A great speaker lineup and a successful event often go hand in hand. That’s because speakers add so much value beyond the thought leadership they provide.

Combining the right mixture of authenticity, relevance, and reach, great speakers have the power to build trust with new prospects and persuade on-the-fence attendees to register.

As temporary brand ambassadors, they lend their credibility and integrity to your event, boosting your registration and helping you attract a bigger audience. With so much riding on your speaker lineup, of course, you want to get it right. Here’s how to select a good speaker for your next conference.

What makes a good speaker?

Since speakers are at the heart of business events and fundraisers, a solid lineup can make the difference between “wow” and “meh” for your attendees.

A good speaker will first and foremost be an expert in the industry or area your event is focused on. They will have a healthy presence on Slideshare and social media, including clips of previous speeches they have given. (You can use these highlight videos to determine how engaging and entertaining they are.) And, of course, they will have excellent public speaking skills, with good dramatic timing.

That being said, there are a few archetypes most speakers fall into. You can use these labels to better understand your speaker mix as you book them and balance your lineup later on.

  • The influencer speaker: Whether on Twitter, LinkedIn, or other social media platforms, this person will have a considerable following, be actively engaged with their fans, and bring their loyal audience to your event.
  • The celebrity speaker: This type of speaker is best for keynotes. Publicly recognized and well-known by people outside of your industry, these are probably the hardest to land for an event, since they cost more than others and are difficult to approach.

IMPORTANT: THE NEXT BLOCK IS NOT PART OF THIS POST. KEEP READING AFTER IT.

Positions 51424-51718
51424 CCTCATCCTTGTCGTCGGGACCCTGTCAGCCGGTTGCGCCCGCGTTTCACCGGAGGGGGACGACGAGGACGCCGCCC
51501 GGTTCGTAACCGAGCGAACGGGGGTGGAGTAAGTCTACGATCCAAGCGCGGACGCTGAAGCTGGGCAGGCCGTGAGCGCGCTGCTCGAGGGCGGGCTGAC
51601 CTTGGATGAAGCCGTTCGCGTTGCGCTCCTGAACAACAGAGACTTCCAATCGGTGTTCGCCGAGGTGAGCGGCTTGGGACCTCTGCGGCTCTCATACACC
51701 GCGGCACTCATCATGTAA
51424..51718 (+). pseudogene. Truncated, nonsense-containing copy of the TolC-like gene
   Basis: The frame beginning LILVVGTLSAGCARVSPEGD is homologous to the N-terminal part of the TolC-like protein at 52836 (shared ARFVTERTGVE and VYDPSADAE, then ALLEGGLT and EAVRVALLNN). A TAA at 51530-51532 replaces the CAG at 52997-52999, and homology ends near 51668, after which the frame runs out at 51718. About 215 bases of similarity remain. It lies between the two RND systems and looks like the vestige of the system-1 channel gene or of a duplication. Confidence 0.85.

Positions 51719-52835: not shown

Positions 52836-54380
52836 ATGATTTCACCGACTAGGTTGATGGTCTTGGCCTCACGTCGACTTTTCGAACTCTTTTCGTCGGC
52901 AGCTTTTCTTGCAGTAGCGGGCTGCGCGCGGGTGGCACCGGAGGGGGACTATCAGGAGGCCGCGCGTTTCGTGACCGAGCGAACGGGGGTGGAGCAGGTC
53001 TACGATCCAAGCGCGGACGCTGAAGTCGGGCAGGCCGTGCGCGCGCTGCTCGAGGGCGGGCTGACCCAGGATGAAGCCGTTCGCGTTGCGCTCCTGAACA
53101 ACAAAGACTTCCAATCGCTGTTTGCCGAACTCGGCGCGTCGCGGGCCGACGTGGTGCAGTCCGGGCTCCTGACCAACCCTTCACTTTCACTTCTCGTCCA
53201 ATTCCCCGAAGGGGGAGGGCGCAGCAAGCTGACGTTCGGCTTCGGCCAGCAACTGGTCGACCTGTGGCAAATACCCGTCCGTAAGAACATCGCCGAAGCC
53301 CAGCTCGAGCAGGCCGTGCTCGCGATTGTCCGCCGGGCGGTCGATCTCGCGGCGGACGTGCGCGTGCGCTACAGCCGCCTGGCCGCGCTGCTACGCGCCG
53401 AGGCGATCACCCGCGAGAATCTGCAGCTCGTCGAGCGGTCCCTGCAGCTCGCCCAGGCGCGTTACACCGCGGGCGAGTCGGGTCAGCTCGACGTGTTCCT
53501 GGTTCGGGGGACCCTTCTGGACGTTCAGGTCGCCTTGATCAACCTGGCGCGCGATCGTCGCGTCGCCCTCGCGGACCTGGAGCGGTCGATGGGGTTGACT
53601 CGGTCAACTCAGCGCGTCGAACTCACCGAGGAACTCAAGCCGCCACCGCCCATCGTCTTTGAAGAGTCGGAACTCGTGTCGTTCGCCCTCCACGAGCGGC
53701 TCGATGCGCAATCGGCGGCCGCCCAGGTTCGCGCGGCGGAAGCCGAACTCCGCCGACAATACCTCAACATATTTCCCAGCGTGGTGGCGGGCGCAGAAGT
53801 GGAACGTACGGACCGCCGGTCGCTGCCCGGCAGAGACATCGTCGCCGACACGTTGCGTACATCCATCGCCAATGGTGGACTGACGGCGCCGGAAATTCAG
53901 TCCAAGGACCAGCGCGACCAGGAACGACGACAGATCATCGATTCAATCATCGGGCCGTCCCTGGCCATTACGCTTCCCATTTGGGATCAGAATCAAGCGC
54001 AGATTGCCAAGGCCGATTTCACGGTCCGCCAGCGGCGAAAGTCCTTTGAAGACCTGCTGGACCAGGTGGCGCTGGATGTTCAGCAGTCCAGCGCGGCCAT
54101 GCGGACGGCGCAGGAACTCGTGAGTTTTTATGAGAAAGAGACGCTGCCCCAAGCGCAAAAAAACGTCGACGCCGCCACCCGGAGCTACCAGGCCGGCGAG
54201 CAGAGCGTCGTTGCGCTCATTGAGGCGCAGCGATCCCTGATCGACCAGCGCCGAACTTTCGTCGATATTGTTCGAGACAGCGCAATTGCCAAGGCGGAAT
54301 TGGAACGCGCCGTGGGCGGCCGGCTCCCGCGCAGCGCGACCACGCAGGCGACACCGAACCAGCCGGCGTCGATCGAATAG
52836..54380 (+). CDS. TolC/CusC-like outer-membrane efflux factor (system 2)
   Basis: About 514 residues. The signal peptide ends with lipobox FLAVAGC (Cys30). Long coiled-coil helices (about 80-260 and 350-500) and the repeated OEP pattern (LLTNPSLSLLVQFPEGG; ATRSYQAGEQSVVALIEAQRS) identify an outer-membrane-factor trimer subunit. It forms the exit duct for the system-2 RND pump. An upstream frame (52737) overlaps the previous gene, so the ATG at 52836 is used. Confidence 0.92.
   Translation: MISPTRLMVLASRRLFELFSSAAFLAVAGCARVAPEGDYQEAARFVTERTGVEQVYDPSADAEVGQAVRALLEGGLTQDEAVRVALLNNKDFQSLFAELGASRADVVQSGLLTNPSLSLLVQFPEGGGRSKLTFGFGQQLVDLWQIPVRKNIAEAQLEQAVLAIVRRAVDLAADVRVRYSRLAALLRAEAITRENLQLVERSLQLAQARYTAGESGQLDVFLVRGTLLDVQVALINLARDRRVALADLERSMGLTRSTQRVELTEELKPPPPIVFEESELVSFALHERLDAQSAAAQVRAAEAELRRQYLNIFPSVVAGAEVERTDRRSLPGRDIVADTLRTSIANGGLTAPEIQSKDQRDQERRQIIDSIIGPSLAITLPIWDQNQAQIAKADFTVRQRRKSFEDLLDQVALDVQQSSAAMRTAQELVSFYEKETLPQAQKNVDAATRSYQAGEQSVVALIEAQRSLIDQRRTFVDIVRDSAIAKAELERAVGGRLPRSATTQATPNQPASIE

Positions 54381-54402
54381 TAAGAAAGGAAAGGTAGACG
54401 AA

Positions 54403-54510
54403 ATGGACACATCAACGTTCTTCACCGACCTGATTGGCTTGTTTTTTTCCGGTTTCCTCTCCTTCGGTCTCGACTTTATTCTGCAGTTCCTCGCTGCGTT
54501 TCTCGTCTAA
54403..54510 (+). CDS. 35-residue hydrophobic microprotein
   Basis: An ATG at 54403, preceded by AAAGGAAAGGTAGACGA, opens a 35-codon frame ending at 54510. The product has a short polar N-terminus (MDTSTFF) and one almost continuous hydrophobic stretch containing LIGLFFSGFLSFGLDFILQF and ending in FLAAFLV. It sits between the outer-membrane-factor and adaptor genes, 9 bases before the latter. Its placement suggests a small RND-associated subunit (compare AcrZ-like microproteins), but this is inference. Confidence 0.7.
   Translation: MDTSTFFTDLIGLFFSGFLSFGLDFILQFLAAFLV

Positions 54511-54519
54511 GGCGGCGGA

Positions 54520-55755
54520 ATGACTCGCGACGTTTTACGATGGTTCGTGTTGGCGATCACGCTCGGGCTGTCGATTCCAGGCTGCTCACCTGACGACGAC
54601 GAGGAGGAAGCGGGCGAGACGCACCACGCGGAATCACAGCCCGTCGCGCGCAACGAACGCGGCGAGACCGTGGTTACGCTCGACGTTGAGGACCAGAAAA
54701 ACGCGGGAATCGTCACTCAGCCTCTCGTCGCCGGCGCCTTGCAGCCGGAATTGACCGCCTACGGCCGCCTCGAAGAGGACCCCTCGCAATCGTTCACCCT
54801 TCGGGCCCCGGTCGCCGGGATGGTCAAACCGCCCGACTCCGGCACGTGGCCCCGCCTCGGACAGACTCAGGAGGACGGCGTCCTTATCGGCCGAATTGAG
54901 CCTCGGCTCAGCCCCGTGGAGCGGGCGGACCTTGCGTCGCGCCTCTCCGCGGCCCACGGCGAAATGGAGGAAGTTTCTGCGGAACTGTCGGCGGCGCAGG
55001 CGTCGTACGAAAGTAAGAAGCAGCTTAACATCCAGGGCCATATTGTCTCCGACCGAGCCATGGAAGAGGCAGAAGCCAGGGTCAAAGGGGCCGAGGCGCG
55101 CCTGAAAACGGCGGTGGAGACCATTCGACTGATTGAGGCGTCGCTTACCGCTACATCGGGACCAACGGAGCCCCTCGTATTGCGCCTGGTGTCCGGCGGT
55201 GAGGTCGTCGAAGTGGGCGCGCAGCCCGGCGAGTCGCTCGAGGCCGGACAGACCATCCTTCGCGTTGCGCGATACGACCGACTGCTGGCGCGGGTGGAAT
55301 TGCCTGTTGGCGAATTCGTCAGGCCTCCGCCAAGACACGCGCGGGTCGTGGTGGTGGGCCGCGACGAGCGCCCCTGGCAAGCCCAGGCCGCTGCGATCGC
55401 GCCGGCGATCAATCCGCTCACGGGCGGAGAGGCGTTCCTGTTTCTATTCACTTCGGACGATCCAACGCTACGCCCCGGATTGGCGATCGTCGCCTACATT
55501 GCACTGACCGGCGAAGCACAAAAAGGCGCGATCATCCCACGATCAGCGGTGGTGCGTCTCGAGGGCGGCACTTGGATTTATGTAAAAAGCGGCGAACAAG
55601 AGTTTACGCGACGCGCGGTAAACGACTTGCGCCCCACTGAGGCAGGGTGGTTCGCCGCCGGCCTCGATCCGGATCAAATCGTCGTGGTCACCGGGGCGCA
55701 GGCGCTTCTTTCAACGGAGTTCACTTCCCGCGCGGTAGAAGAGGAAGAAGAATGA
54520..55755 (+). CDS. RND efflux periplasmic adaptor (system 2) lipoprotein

• The niche expert speaker: If your event is catering to a very select group of people with a niche focus as your theme, then finding the experts who really know their stuff in that field is a must. These are probably the most difficult to track down.
  • The curveball speaker: Not every speaker has to be an obvious fit for your conference. Sometimes an unexpected pairing can create the most buzz. Thinking outside of the box (while always relating it back to your theme) can be a great way to go.

How to find a good speaker for your conference

Compiling a list of your ideal speakers can show you the kinds of qualities and thought leadership you’re looking to showcase at your event. Plus, it never hurts to aim high! If successful, booking big talent can really take your event to the next level.

But it’s not just the industry celebrities that are worth your and your attendees’ while. There’s a lot of great speakers out there you may not be familiar with. A great place to find inspiration is by looking for people who have spoken previously about your industry/topic at similar events.

To find good speakers:

  1. Do your research on Google, SlideShare, Twitter, and LinkedIn. You can also use tools like FollowerWonk and SocialBro to search for specific topics, job titles, and how many followers someone has.
  2. Solidify your ask. Before you reach out to any speaker on your list, it’s crucial to distill the what, why, where, and who of your event. Keep it simple and to the point. And be sure to add to it as you book your remaining speakers (if somebody sees someone they know has already been booked for your event, that’s a pretty compelling reason for them to sign up, too).
  3. Reach out to your list. Remember, speakers are busy professionals. So if you don’t hear back after your first email, don’t despair. Simply try again. Polite persistence is the name of the game. And if you’re still not getting a response after the second or third email, only then is it time to change tack.

Ask your community to see who knows who.You’ll be surprised! And if all else fails, you can always reach out to a speaker’s bureau (although, warning, this will incur a fee).

Tips for balancing your speaker lineup

A lineup shouldn’t feel like it’s been thrown together at random — it should have a cohesiveness to it that tells a story. Ask yourself, why are all these speakers here and how do their talks relate to each other? And how do their talks relate to your theme?

Another thing to keep in mind is that the most interesting speaker lineups cover a variety of perspectives. Whether it’s gender, race, location, or opinion, it’s important to incorporate diversity into your lineup.